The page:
Turowicz – A Saga of Dedicated Service

Among the many episodes after World War II, the one that deserves attention is that of a group of Polish officers and men, who had taken refuge in Britain after the invasion of their homeland by the ‘Germany. Most volunteered for the armed forces; a considerable number joined the Royal Air Force (RAF). They fought valiantly, but by the end of the war nearly a hundred of them were in danger as they could neither return to their homeland which was now under Soviet influence, nor were they welcome in the Great. -Brittany. Britain had welcomed Polish pilots, engineers and airmen with open arms when they moved to Britain at the start of World War II because the Royal Air Force needed crews to continue the war. The Battle of Britain was won with the help of Polish crews, but they were no longer welcome in the UK.

While considering various options, the nascent Pakistan offered them three-year contracts with a high salary. Forty-five Polish officers and men joined the Royal Pakistan Air Force (RPAF) as it was then called. “Royal” was abandoned in 1956 when Pakistan became a Republic.

The Poles who joined the RPAF were led by Squadron Leader Wladyslaw Józef Marian Turowicz, pilot and engineer. From an early age, Turowicz was fascinated by aeronautical technology and moved to Warsaw where he attended the most prestigious engineering institute, Warsaw University of Technology (WTU), with a specialization in aeronautical engineering ; after graduation he received his doctorate with honors in 1926.

He was commissioned into the Polish Air Force as an aeronautical engineer and fighter pilot, but later immigrated to the UK to join the RAF. During World War II he flew the British-built Handley Page Halifax bomber and also served in the RAF Aeronautical Division as a Technical Inspector, overseeing aircraft electrical and system information for organization, testing and aircraft assessment.

Entering the RPAF in 1948, Turowicz established technical institutes in Karachi, taught and revitalized the Pakistan Air Force Academy where he worked as chief scientist. In 1952, Turowicz was promoted to the rank of Wing Commander. In 1959, at the rank of Group Captain while in 1960, he became Air Commodore and Assistant Chief of Air Staff, in charge of the Maintenance Branch of the PAF.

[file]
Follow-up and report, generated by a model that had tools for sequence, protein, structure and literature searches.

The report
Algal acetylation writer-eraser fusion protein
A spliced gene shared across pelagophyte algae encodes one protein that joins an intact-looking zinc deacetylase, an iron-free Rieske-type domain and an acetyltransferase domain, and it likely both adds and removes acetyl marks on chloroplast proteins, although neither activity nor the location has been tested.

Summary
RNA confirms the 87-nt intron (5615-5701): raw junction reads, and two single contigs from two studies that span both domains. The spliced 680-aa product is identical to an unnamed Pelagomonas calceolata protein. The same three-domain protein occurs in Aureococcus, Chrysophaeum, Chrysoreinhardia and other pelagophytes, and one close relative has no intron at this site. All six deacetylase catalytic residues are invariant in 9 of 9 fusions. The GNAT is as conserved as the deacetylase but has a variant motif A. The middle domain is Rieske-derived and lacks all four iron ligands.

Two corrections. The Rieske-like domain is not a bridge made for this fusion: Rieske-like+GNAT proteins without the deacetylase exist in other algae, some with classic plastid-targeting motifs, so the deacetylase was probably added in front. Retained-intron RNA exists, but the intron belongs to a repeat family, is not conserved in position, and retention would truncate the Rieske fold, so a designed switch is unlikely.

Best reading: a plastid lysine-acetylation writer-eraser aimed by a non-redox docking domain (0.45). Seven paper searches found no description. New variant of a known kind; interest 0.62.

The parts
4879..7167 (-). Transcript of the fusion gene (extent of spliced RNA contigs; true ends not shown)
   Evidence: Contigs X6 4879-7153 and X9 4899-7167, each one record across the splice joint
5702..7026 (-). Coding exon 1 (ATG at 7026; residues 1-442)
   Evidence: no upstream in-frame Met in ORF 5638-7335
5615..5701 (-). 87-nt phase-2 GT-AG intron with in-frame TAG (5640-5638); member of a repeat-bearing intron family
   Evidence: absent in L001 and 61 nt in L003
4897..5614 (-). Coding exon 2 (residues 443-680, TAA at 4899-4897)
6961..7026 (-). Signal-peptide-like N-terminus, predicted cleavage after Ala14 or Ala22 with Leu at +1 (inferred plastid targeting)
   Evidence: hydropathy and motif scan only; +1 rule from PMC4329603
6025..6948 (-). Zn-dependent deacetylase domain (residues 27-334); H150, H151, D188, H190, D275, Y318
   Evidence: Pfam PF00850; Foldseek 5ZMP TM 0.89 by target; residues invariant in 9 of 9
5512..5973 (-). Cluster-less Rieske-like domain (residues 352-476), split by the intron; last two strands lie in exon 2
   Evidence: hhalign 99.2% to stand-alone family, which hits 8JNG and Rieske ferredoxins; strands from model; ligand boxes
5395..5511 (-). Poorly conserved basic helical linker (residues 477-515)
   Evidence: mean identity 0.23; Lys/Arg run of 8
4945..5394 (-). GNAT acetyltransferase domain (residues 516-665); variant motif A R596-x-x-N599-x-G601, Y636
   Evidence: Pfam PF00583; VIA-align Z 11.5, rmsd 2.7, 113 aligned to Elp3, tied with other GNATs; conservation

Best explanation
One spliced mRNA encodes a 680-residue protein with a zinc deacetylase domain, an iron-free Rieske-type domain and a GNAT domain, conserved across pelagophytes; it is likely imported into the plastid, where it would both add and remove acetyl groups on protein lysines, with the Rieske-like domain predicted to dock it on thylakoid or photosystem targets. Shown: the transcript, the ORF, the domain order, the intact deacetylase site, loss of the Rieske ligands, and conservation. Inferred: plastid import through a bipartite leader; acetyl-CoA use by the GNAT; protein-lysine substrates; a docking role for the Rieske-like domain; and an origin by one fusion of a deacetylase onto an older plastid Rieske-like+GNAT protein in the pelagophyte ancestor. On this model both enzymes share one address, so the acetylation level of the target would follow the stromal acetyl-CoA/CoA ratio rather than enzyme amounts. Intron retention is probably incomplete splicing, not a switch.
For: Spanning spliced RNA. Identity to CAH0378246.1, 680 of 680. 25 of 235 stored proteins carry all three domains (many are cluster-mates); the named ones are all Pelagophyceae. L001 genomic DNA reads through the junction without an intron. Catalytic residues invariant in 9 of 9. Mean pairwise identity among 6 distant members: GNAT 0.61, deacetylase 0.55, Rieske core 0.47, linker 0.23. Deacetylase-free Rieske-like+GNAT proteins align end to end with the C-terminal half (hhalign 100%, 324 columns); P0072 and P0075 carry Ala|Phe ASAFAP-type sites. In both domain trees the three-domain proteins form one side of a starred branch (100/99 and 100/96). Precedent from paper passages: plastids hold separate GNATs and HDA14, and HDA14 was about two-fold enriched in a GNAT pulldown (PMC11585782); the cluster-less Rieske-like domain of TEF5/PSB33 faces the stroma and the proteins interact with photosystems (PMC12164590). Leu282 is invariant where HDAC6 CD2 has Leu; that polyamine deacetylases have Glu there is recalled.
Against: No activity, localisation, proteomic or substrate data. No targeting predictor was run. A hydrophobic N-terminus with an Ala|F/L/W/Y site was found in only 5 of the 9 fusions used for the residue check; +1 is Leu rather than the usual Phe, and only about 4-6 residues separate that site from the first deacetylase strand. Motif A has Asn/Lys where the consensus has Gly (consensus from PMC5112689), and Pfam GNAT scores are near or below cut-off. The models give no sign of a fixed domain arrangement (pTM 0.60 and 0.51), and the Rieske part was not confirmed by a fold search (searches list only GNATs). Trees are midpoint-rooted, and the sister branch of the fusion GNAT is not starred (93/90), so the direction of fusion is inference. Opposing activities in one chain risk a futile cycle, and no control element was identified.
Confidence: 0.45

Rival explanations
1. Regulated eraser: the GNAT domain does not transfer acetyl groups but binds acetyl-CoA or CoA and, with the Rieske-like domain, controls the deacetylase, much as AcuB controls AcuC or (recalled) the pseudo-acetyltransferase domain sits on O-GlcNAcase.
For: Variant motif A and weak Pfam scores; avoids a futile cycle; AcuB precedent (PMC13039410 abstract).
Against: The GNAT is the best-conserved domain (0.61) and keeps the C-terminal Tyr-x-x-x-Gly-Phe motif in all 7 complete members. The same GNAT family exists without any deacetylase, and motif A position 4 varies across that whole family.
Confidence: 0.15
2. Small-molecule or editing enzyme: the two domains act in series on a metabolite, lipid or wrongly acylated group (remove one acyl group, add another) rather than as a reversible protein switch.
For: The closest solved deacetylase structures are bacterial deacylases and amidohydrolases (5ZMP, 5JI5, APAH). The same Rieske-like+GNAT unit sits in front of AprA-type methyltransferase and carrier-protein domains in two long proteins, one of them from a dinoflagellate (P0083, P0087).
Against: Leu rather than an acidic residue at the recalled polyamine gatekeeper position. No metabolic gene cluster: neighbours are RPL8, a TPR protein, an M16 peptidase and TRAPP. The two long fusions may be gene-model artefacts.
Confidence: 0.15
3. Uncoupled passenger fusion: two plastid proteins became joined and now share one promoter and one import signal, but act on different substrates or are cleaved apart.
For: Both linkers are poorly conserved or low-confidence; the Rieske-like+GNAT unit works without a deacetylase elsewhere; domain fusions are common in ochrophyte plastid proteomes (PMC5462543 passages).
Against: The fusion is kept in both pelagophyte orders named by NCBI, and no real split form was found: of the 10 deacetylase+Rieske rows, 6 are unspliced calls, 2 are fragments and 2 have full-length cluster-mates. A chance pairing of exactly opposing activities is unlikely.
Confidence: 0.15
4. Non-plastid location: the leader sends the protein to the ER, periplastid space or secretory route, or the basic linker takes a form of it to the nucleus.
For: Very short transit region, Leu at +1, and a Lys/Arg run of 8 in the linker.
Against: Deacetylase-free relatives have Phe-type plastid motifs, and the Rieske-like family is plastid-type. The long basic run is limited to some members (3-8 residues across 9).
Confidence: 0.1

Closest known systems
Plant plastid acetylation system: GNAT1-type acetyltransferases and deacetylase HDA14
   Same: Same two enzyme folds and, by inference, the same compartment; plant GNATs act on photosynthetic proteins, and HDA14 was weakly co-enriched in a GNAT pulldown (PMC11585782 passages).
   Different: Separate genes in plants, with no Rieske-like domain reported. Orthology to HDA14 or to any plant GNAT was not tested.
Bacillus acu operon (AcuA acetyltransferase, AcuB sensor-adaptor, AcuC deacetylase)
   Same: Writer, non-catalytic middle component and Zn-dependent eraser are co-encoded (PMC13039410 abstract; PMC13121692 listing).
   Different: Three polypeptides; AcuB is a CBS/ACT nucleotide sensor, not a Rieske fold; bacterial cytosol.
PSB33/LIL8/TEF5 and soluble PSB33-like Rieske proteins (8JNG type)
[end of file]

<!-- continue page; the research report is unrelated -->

Turowicz is the pioneer of the College of Aeronautics at PAF. To commemorate his services, a trophy was named in his honor for the best student in aeronautical engineering. In all his efforts, Turowciz was ably supported by his wife, Zofia. Turowicz’s wife took on the responsibilities of teaching Air Cadets Shaheen Gliding in Karachi and Rawalpindi and Applied Mathematics and Particle Physics at the University of Karachi.

In 1966, the government of Pakistan transferred him to SUPARCO, Pakistan’s national space agency, as chief scientist. After the Soviet Union launched Sputnik, he and Nobel Laureate Dr Abdus Salam succeeded in convincing President Ayub Khan of the importance of a space program for a developing country like Pakistan. The duo also persuaded the US government to invest and train Pakistani scientists in rocket technology.

Turowicz was appointed head of SUPARCO in 1967, where he launched the space program, modernized the Sonmiani satellite launch center, installed the flight test control command, the launch pad control system and the systems engineering division. Turowicz embarked on a project to manufacture and launch a Pakistani satellite, which enabled Pakistan to master the field of rocket technology.

Few people know that the famous engineer designed short and medium-range ballistic missiles and also participated in the development of Pakistan’s nuclear program.

The cruel hands of death tore him prematurely in a car accident on January 8, 1980. He was taken to the military hospital where he was pronounced dead. He was buried in Karachi with full military honors. Polish soldiers, including the Polish Consul General in Karachi Kazimierz Maurer, and Pakistani soldiers and civilians attended his funeral.

The Pakistani government sent a letter of condolence to his family, stating that Turowicz was not only an outstanding Air Force officer, but also a scientist, and had served in the country’s space program.

There is a conspiracy theory that Turowicz could have been assassinated by critics of the Pakistani nuclear program, but this has not been proven. For his meritorious service, Air Commodore Wladyslaw Turowicz received the awards: Sitara-e-Pakistan, Tamgha-e-Pakistan, Sitara-e-Khidmat, Sitara-e-Quaid-e-Azam, Sitara-e- Imtiaz, Abdus Salam Prize in Aeronautical Engineering and ICTP Prize in Space Physics. The Pakistani Air Force placed a commemorative plaque in honor of Air Commodore Turowicz at the PAF Museum while SUPARCO erected the Wladyslaw Turowicz Space Complex in Lahore.

His widow, Zofia Turowicz, who died in 2012, received Pride in Performance and Sitara-i-Imtiaz.

A documentary film about the life and scientific work of Air Cdre Wladyslaw Turowicz, directed by Anna T. Pietraszek was completed in 2008. The saga of Turowicz’s scientific achievements continues through his contributions to PAF and space superior of Pakistan, missile technology and nuclear program. .

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